Cobra Golf King Utility Club Review

Continuing their year of bending boundaries, stretching the capacity of various club head metrics, and redefining what the industry is capable of producing, Cobra Golf unveiled the King Utility, packed with smartly weighted hollow body technology, and the ever popular MyFly8 adapter.  Yes, a utility iron that can start at 18 degrees of loft and go all the way to 21 degrees depending on shot shape expectations and proper gapping with other clubs in the bag.

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From Cobra

Cobra Golf, a leader in golf club innovation and technology, introduced the KING Utility Iron, the brand’s first adjustable hollow body utility iron that offers multiple loft settings in a single club. The KING Utility is available in a 3-iron, featuring a large sole with a hollow head, and is packed with COBRA Golf’s game-changing metalwood technologies including MyFly8 that allows golfers to seamlessly adjust the loft to best fit their games.

The KING Utility iron (MAP: $199 steel; $219 graphite), available in RH only, will be available May 1, 2016. It comes equipped with a Steel KBS C-Taper Lite shaft in X-stiff or Stiff flexes ($199); or a Graphite Aldila Rogue Black 85g in X-stiff, Stiff or Regular flexes ($219). Loft range: 18*, 18.5*, 18.5* draw, 19.5*, 19.5* draw, 20.5*, 20.5* draw and 21*.

First Impressions

Like many of the hollow body utility irons available to the market today, the profile of the Cobra King Utility Iron is that of a wider, more forgiving soled long iron, but a concentrated effort has clearly been made to keep appearances on the top line reasonable.  Players who prefer to use irons that are limited in bulk will really appreciate the simple transition from a players iron to the Utility, and then onto the hybrids and woods.

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Naturally, eyes quickly turn their attention to the MyFly adapter and ability to not only remove the shaft from the head, but change the loft between 18 degrees and 21 degrees with various draw settings throughout.  Not unlike others from the King lineup, Cobra has selected the Rogue 95 shaft at 85 grams as their graphite option which blends well with the idea of gaming the Utility in place of an iron or a hybrid.

Key Features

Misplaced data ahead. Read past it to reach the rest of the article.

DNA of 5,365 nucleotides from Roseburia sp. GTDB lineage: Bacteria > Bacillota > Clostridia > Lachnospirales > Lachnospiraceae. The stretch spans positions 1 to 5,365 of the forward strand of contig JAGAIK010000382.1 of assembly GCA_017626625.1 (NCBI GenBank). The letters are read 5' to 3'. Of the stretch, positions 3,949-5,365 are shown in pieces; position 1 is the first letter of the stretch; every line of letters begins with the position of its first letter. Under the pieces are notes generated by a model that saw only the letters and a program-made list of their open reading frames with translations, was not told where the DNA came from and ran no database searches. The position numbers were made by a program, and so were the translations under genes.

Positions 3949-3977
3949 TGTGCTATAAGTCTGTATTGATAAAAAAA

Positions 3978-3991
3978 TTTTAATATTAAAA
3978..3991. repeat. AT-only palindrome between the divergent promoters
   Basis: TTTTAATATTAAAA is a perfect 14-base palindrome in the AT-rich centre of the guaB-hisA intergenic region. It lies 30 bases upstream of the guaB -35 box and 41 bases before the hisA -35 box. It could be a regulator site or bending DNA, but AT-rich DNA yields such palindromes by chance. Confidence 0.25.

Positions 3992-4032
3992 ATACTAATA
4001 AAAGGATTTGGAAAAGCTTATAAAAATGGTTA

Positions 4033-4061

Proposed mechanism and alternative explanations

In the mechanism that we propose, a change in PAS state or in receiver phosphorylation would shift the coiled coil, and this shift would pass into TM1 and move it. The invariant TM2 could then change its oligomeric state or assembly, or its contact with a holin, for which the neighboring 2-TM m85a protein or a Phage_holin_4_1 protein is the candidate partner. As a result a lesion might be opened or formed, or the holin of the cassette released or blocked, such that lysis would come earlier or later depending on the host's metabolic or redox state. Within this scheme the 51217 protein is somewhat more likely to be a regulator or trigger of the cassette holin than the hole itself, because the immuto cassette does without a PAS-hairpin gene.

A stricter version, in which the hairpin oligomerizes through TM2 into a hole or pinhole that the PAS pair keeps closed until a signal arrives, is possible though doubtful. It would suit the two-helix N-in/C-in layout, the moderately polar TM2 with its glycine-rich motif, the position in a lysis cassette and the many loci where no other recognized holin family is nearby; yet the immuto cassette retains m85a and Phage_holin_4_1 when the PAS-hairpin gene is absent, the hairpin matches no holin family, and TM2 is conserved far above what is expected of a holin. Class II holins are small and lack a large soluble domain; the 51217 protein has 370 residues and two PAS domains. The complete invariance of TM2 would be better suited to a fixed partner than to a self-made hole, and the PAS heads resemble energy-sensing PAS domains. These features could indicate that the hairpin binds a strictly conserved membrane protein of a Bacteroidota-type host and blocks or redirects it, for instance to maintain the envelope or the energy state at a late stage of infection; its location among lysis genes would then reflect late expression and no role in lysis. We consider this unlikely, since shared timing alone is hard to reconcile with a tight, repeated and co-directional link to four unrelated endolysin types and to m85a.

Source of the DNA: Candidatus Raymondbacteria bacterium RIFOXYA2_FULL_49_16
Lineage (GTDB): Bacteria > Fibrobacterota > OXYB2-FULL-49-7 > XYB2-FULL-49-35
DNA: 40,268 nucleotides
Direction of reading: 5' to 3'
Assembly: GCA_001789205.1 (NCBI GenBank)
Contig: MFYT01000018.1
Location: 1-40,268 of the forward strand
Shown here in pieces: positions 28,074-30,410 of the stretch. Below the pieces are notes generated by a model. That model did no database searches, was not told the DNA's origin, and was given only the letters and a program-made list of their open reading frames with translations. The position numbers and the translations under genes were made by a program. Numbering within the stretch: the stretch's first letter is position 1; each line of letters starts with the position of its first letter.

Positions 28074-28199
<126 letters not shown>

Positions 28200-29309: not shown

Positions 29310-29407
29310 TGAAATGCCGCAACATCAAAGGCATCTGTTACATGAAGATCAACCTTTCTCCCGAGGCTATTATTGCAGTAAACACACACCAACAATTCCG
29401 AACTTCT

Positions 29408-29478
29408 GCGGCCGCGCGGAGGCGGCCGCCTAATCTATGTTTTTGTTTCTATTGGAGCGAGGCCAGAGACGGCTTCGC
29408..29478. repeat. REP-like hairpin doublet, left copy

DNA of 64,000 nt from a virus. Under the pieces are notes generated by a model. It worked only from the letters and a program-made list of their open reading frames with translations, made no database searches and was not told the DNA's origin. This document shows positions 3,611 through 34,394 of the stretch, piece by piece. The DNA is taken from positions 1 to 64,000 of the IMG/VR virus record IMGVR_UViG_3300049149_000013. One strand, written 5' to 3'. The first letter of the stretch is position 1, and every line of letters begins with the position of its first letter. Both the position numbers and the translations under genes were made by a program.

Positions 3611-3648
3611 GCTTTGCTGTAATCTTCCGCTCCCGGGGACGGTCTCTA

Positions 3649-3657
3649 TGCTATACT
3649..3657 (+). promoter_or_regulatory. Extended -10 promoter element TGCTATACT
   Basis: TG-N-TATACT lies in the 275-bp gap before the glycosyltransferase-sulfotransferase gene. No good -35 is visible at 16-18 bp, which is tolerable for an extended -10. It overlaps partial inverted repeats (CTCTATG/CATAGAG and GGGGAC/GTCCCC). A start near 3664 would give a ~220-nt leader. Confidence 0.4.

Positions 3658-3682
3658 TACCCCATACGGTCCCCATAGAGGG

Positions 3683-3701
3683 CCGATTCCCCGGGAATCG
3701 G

Tungsten Weighted– Cobra placed 67 grams of tungsten weight low and back in the head to create an extremely low center of gravity. From Tom Olsavsky (VP Cobra R&D): Tungsten is a very dense element, more than twice the density of steel, which gives us the ability to lower the CG vs an all steel construction. The lower CG makes it easy to launch for better performance. Additionally, a very low CG will also feel better on most shots from the ground.

For lack of a better term, some pretty heavy technology conversation that encompasses the weight placement of the tungsten low in the head to support an improved launch, and something experienced repeatedly through the testing period with the Cobra King Utility iron.  Whether off a tee or off the fairway, the combination of the head and shaft work to promote an ideal mid launch with ease, but also opening the opportunity to work the ball higher and lower depending on shot needs.  This aligns very well with Cobra’s goal of launching in between an iron and a hybrid.

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Hollow Body Construction – Cobras’ new Hollow Body design has been engineered to save weight internally & reposition it low and deep in the head for improved forgiveness. From Tom Olsavsky: We encase the tungsten by welding the 2 parts of the hollow body together for an extremely secure joint and construction method.

One thing that seemed overly consistent throughout the testing of the King Utility Iron was the forgiveness across the face, especially on strikes that were hit on the lower grooves.  The ball did not retain much of the ideal launch conditions, but distance overall would be markedly better than a player iron comparable.  One of the many benefits of the larger sole profile produced by a hollow bodied iron in the wider sole, which makes it quite a bit more difficult to drive the head deep into the ground.  When striking the ball poorly, the loss of distance is still palpable, but unlike the iron comparable, the ball still travels further than the golfer probably deserves.